In a February 27, 2018 op-ed for The American Conservative, “What Has $49 Billion in Foreign Military Aid Bought Us? Not Much,” POMED’s Andrew Miller and Carnegie Endowment for International Peace Senior Fellow Richard Sokolsky argue that without clear purpose and oversight, U.S. foreign military aid to the Middle East has become just another expensive welfare program.

It’s a scene right out of the movie Groundhog Day. Every year around this time, the administration submits its annual request to Congress to appropriate billions of dollars for America’s allies and partners in the Middle East to finance their purchase of U.S. military training and equipment.

Congress rubber stamps these requests with little regard for whether this assistance achieves U.S. foreign policy objectives. It does the same when the executive branch requests congressional approval of arms sales for cold hard cash. Such docility might be good industrial policy—after all, it creates jobs in key congressional districts, provides corporate welfare for America’s defense companies, and helps maintain the defense industrial base. But it makes for lousy foreign policy. The United States will continue to pour money down a rat hole until Congress and the executive branch better understand why these problems keep recurring and muster the political will to fix them. Based on our experience in the State Department, here is our diagnosis of the problem and some remedies for what ails U.S. military assistance in the Middle East.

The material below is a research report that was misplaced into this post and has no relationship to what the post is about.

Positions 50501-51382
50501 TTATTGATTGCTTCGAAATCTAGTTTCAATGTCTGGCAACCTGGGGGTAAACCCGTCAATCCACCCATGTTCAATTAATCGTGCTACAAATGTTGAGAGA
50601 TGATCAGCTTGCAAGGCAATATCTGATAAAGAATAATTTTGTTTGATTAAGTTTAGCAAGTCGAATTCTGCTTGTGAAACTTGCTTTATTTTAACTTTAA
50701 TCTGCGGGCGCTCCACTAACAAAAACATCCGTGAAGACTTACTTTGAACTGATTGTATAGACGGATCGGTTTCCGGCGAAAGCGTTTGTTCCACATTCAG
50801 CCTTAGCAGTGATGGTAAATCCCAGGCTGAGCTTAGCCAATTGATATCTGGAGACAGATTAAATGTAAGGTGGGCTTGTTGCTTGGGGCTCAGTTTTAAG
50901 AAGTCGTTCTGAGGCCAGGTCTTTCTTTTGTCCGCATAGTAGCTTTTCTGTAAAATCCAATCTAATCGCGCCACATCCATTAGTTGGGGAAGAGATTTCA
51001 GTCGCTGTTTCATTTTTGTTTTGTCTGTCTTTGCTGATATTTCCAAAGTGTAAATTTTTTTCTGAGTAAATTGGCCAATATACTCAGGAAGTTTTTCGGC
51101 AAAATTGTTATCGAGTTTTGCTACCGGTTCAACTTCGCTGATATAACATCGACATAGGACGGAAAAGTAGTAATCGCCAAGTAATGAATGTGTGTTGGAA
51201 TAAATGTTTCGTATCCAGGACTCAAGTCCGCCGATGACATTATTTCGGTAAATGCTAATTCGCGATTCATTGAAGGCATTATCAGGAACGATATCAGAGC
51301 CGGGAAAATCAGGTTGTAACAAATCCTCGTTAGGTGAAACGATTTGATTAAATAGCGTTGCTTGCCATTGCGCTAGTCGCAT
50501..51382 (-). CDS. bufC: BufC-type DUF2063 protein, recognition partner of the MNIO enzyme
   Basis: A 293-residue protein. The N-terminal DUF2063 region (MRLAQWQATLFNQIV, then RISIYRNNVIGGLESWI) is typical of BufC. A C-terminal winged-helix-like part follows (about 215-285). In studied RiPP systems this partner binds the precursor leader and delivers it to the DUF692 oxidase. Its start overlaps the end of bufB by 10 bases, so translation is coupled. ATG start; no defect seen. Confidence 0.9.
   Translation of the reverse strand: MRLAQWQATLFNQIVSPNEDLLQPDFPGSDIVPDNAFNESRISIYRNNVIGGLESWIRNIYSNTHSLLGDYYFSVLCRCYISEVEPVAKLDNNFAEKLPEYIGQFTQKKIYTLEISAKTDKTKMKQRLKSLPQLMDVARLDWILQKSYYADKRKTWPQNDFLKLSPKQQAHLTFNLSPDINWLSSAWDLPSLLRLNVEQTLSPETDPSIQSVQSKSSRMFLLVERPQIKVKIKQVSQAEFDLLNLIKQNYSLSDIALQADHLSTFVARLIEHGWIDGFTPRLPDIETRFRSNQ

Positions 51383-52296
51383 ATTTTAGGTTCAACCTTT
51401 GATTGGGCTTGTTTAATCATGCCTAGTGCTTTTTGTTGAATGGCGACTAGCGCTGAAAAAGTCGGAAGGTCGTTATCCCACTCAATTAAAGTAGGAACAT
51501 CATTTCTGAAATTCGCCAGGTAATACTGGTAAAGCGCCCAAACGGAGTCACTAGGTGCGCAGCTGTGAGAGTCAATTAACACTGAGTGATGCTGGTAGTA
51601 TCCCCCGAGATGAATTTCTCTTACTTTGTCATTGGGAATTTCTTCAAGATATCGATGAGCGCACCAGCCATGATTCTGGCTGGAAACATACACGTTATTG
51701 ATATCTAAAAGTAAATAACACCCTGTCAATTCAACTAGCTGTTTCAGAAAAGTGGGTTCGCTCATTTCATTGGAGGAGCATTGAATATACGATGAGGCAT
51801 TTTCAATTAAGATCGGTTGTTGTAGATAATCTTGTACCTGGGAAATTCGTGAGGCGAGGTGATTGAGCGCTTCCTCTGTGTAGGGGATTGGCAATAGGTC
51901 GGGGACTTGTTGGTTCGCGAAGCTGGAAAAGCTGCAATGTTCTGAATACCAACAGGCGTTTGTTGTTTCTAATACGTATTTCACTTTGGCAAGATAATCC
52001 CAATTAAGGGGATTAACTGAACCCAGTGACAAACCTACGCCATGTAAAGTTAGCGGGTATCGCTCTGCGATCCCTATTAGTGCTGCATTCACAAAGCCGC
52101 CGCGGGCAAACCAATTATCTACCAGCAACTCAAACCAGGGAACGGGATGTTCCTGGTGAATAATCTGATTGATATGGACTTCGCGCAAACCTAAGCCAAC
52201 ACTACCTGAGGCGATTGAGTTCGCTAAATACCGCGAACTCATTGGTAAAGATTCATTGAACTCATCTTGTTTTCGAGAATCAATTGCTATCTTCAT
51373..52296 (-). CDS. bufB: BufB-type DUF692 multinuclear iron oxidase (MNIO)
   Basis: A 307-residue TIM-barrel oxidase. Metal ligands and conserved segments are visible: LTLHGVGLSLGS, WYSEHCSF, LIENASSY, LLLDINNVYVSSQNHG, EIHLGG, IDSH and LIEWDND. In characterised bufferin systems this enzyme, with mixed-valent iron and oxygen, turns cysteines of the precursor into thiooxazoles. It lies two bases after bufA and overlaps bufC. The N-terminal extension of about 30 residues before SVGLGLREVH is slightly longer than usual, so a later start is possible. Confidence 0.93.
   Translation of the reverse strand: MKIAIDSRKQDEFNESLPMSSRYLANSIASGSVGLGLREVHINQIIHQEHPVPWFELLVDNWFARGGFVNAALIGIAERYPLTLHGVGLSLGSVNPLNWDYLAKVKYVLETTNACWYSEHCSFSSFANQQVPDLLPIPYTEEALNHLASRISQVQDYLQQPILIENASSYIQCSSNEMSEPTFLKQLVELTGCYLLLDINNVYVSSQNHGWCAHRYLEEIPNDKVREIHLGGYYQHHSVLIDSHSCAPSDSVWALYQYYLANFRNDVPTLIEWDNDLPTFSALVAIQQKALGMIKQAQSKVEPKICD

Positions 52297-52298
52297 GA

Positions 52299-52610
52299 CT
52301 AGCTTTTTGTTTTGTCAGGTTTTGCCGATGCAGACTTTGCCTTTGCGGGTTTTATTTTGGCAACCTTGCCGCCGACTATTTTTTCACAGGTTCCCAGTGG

In the U.S. foreign policy toolkit, security assistance and arms transfers have become the instruments of choice for American diplomats and soldiers. Grant assistance and weapons sales are treated as Swiss Army Knives, all-purpose tools appropriate for use in virtually any scenario. According to the prevailing view in the U.S. government, security assistance works wonders: it builds the capabilities of partner countries, provides influence over their policies, and guarantees access to influential institutions and personalities in capitals across the globe. If true, this would seem to more than justify the $48.7 billion the U.S. has spent on security assistance to the Middle East over the past decade.

In reality, U.S. military assistance promises more than it delivers. There is scant evidence outside of a few isolated cases that U.S. material support to Middle Eastern countries has fulfilled any of these purposes. Recipients of U.S. funding and weapons have largely failed to make major strides in their capabilities and, in some instances, may have even regressed…

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